Black Lives Matter, Syracuse Chapter (2015- )

Black Lives Matter Protesters in Syracuse, NY, June 6, 2020
Courtesy Scott Schild, Fair use image
Black Lives Matter Protesters in Syracuse, NY, June 6, 2020
Black Lives Matter Protesters in Syracuse, NY, June 6, 2020
“Image Ownership: Scott Schild”

The Syracuse, New York Chapter of Black Lives Matter was founded by public school educator and community actor Anthony Harper on August 6, 2015. The founding occurred several weeks after Black Lives Matter hosted its first national annual conference in Cleveland, Ohio. As of August 12, 2016, the Syracuse chapter has been using Facebook to develop a political agenda and mobilize for action.

The Chapter was inspired when members of the Syracuse community followed the path of the Black Lives Matter Freedom Ride to Ferguson, Missouri, in mid-August 2014. During this non-violent demonstration, Syracuse University professor, Dr. Sherri Williams, and graduate students Jeanelle Hope and Nikeeta Slade, participated in Black Lives Matter’s first major protest for justice in the wake of the death of 18-year old Michael Brown at the hands of police officer Darren Wilson. The Freedom Ride included over 500 BLM supporters from nearly 20 cities. For the seven Syracuse participants the Ride prompted the formation of the group #SUFerguson which included Syracuse University’s Department of African American Studies, Cold Case Justice Initiative, the Southern Christian Leadership Conference (SCLC), and Syracuse Answer Coalition. #SUFerguson partnered in staging several events addressing police brutality throughout fall 2016. A year after Ferguson, a Black Lives Matter chapter was formed in Syracuse.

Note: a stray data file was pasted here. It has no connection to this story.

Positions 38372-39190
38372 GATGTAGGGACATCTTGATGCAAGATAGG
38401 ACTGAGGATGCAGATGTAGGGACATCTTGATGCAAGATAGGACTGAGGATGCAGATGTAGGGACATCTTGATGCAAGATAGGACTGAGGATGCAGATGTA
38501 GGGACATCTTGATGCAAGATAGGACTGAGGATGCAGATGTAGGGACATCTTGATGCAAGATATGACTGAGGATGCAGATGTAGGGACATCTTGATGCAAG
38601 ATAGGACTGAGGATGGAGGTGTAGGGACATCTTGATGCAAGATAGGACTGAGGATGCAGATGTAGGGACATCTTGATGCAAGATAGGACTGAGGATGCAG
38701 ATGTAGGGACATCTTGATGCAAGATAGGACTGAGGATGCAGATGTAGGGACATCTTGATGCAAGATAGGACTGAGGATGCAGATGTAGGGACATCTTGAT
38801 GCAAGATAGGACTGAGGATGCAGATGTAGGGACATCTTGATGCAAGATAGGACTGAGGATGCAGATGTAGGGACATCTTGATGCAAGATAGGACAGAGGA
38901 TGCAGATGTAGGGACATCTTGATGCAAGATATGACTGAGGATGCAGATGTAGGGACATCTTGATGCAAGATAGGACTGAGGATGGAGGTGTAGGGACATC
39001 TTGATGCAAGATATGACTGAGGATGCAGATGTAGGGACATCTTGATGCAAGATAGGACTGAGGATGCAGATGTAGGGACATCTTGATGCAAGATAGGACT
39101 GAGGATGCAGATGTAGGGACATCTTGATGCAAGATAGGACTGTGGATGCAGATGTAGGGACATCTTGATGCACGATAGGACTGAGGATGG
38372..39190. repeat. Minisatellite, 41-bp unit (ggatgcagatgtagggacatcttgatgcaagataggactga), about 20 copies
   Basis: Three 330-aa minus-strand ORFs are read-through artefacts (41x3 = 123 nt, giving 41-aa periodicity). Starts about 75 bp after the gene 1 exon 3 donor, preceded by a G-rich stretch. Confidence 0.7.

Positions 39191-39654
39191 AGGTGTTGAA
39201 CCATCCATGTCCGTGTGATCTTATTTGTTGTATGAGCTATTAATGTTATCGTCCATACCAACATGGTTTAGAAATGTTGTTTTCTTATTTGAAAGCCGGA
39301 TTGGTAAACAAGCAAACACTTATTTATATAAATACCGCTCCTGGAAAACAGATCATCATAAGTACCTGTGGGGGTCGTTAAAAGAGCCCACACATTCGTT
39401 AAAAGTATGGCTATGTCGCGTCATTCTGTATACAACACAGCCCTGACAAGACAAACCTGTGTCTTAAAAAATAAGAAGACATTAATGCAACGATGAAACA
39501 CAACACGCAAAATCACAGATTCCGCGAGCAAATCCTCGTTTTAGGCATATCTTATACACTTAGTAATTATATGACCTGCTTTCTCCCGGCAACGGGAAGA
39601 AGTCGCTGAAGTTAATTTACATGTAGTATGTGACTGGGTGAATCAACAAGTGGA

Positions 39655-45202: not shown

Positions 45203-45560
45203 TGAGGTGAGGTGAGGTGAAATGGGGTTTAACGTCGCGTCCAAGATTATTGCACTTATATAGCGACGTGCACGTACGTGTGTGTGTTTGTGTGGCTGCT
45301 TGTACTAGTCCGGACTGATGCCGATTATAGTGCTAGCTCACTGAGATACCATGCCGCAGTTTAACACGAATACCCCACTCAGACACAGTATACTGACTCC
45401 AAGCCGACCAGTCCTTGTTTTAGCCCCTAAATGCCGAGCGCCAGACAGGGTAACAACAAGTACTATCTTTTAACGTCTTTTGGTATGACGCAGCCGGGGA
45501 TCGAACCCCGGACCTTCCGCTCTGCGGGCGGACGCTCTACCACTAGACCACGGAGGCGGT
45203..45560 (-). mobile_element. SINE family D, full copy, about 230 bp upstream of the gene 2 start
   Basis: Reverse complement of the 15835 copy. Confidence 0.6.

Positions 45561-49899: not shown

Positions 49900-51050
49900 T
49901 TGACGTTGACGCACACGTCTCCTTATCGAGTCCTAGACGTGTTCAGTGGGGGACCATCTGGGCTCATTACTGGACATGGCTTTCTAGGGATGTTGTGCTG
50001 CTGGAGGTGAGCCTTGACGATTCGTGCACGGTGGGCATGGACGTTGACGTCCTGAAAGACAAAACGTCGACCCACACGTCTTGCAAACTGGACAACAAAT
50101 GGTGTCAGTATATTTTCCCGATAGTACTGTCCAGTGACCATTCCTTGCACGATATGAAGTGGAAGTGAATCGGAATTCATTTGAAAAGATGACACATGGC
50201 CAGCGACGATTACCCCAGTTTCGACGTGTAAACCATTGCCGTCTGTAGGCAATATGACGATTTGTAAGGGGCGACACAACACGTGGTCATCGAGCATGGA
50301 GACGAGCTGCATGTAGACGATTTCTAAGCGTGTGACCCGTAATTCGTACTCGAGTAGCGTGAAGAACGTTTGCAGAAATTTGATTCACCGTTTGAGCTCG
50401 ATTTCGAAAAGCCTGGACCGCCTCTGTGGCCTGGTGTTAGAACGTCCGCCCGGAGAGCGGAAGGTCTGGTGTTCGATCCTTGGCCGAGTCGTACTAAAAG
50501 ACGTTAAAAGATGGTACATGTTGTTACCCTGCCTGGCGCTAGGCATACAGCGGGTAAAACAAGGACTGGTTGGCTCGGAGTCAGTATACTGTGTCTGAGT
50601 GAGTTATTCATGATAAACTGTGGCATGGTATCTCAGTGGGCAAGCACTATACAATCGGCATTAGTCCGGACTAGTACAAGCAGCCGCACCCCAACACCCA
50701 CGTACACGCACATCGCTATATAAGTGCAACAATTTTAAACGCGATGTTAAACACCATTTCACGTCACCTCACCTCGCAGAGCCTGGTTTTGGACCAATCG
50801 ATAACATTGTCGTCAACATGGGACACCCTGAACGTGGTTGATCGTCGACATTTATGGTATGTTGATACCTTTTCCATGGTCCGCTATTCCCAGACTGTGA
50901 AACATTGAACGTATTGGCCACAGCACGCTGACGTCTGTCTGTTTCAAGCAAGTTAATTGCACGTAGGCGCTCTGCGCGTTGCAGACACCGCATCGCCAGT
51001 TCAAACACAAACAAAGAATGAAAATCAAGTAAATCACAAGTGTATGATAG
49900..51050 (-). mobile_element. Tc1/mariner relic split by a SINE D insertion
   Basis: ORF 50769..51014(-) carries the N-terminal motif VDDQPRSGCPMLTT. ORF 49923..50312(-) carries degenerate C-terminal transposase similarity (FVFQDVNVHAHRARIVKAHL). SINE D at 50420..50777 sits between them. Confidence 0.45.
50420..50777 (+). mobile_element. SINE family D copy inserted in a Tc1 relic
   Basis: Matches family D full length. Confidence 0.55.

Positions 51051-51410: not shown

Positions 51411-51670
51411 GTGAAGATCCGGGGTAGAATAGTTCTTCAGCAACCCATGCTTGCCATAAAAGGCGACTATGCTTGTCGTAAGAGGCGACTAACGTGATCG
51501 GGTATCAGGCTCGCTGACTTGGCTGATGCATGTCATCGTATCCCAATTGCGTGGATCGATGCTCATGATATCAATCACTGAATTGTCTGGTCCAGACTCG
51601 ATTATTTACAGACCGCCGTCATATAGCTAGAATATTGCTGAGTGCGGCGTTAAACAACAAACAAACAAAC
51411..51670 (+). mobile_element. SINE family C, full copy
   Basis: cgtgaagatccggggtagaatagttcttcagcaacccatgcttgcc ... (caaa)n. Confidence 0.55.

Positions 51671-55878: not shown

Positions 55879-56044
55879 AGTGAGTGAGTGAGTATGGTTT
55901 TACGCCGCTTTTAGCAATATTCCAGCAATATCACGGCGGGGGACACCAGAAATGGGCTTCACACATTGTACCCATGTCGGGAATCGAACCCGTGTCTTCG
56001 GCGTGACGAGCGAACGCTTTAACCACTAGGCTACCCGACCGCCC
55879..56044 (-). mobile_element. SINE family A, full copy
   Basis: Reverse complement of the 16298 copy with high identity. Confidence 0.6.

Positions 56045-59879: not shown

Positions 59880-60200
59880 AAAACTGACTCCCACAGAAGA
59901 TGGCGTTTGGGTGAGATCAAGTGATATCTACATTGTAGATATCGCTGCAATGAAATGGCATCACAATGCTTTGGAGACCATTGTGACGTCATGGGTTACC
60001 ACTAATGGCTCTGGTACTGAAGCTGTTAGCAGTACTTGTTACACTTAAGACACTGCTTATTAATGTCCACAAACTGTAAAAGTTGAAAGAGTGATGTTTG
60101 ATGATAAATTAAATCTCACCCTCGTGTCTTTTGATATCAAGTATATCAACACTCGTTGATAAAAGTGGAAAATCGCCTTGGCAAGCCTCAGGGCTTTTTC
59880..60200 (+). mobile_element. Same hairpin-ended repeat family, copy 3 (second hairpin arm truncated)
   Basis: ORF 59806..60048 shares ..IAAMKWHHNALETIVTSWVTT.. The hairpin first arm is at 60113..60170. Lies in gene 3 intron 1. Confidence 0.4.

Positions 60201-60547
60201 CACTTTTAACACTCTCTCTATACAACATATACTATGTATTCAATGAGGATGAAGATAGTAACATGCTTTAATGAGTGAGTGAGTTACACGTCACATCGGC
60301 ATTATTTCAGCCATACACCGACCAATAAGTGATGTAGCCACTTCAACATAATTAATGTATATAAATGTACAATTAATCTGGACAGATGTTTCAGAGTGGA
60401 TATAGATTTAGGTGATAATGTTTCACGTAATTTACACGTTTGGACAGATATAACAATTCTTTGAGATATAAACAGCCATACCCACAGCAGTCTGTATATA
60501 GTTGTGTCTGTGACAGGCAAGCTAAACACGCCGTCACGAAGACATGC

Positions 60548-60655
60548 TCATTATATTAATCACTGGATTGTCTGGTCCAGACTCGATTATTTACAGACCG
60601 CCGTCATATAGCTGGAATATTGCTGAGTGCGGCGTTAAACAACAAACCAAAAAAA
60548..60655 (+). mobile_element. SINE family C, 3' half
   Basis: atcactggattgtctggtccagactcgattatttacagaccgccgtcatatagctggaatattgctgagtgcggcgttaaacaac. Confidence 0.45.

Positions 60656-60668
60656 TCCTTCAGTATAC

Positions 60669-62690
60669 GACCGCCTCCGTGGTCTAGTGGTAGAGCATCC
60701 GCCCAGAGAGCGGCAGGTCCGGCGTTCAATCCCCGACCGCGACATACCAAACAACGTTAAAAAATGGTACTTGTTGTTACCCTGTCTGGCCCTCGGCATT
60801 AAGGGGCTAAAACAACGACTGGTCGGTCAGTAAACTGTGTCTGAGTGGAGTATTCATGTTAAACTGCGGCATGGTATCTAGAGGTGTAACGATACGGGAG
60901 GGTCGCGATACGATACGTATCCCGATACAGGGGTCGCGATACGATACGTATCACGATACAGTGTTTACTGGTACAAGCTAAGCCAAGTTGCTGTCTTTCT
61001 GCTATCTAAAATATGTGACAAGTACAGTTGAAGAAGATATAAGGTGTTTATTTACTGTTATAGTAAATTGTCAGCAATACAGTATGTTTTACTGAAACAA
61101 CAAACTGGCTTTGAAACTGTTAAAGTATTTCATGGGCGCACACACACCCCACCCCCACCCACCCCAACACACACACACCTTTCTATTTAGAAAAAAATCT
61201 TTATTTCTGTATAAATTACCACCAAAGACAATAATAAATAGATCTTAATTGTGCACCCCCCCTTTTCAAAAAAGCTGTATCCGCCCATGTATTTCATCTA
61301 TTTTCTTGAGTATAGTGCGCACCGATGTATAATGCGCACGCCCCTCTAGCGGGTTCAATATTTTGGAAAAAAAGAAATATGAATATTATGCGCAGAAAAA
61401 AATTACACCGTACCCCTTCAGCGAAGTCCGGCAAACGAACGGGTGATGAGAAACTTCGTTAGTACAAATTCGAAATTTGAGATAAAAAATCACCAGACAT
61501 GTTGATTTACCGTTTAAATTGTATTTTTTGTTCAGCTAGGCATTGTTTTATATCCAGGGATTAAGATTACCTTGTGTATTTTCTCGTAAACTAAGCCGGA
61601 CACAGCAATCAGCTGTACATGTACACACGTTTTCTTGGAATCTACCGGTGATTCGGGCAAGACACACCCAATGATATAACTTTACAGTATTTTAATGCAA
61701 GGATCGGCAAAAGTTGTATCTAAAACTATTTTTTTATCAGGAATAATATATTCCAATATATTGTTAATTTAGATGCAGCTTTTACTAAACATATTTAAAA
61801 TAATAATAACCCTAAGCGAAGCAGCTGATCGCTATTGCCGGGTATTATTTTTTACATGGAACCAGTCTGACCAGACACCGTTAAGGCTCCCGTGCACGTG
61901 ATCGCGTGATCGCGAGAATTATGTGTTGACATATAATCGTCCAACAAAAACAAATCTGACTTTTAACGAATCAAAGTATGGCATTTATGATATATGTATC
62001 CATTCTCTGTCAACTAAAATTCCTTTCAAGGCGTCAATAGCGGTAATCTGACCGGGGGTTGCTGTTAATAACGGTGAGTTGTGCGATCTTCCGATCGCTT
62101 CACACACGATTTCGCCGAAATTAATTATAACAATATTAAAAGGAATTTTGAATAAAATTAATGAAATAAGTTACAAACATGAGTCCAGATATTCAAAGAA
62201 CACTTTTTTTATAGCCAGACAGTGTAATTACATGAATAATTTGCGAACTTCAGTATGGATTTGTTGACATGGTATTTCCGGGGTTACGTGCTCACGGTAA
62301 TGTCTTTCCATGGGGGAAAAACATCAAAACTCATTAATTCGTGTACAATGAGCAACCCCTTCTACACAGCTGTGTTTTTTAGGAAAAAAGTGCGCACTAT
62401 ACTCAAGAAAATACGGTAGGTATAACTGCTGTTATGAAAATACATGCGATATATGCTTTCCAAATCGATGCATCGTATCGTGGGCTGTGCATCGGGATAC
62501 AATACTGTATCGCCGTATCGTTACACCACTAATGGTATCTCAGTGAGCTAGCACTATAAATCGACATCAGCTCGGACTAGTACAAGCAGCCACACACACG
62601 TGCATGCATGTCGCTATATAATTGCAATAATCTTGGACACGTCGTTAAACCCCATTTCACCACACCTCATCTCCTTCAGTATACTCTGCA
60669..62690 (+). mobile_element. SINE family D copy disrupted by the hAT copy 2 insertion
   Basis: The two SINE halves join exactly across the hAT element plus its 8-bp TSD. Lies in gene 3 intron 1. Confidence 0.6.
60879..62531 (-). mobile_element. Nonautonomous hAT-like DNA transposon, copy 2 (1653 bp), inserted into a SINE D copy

Similar to most local Black Lives Matter chapters, Syracuse’s chapter was created to support the national movement as well as the struggles of black, brown, and working poor people in the city. It formed in response to generations of socioeconomic neglect. Syracuse is one of the most segregated cities in America.  As such the city has one of the worst public school districts and some of the most concentrated poverty for black and brown people in the U.S. The majority white and affluent populations in the metropolitan region’s suburbs have had a different experience. Since the 1980s, these communities have consistently ranked as among the top-ten best places in the U.S. to raise families. The local chapter’s response to this bifurcated reality has been to demand immediate socioeconomic change.

This chapter has been attempting to do this by providing a forum for black people and their allies to address issues that they think make their lives matter.  The chapter’s website has functioned as the repository of news on police abuse and violence in blog, vlog, and linked article formats. A growing list of other posts have addressed fair housing, poverty, victims of homicide, community institutions like the South Side’s Dunbar Center.  The chapter also protested against Republican presidential nominee, Donald Trump, during his visit to Syracuse and Central New York in April 2016.

Since its founding on August 6, 2015, Syracuse’s Black Lives Matter Chapter has demonstrated that like the national movement, this local movement, too, draws energy and organizational philosophy from the Civil Rights/ Black Power movement, Pan Africanism, Africana Womanism, the LGBT movement, the Occupy Wall Street movement, cyber activism, and socially conscious hip hop. Moreover, the movement is starting to fuse the efforts of social justice activists at predominantly white and affluent Syracuse University, with those of grassroots activists who live primarily within Syracuse’s deeply segregated South and West Sides. On July 8, this collective participated in Black Lives Matter Upstate New York rallies in Rochester, Albany and Ithaca, against police violence, institutionalized racism, and transphobia. Ten days later, the Syracuse chapter led a mass demonstration in the city’s downtown, in which most protestors wore black, and non-violently asked for fair treatment and immediate socioeconomic reform. Their hashtag for the event was #WeMatter.”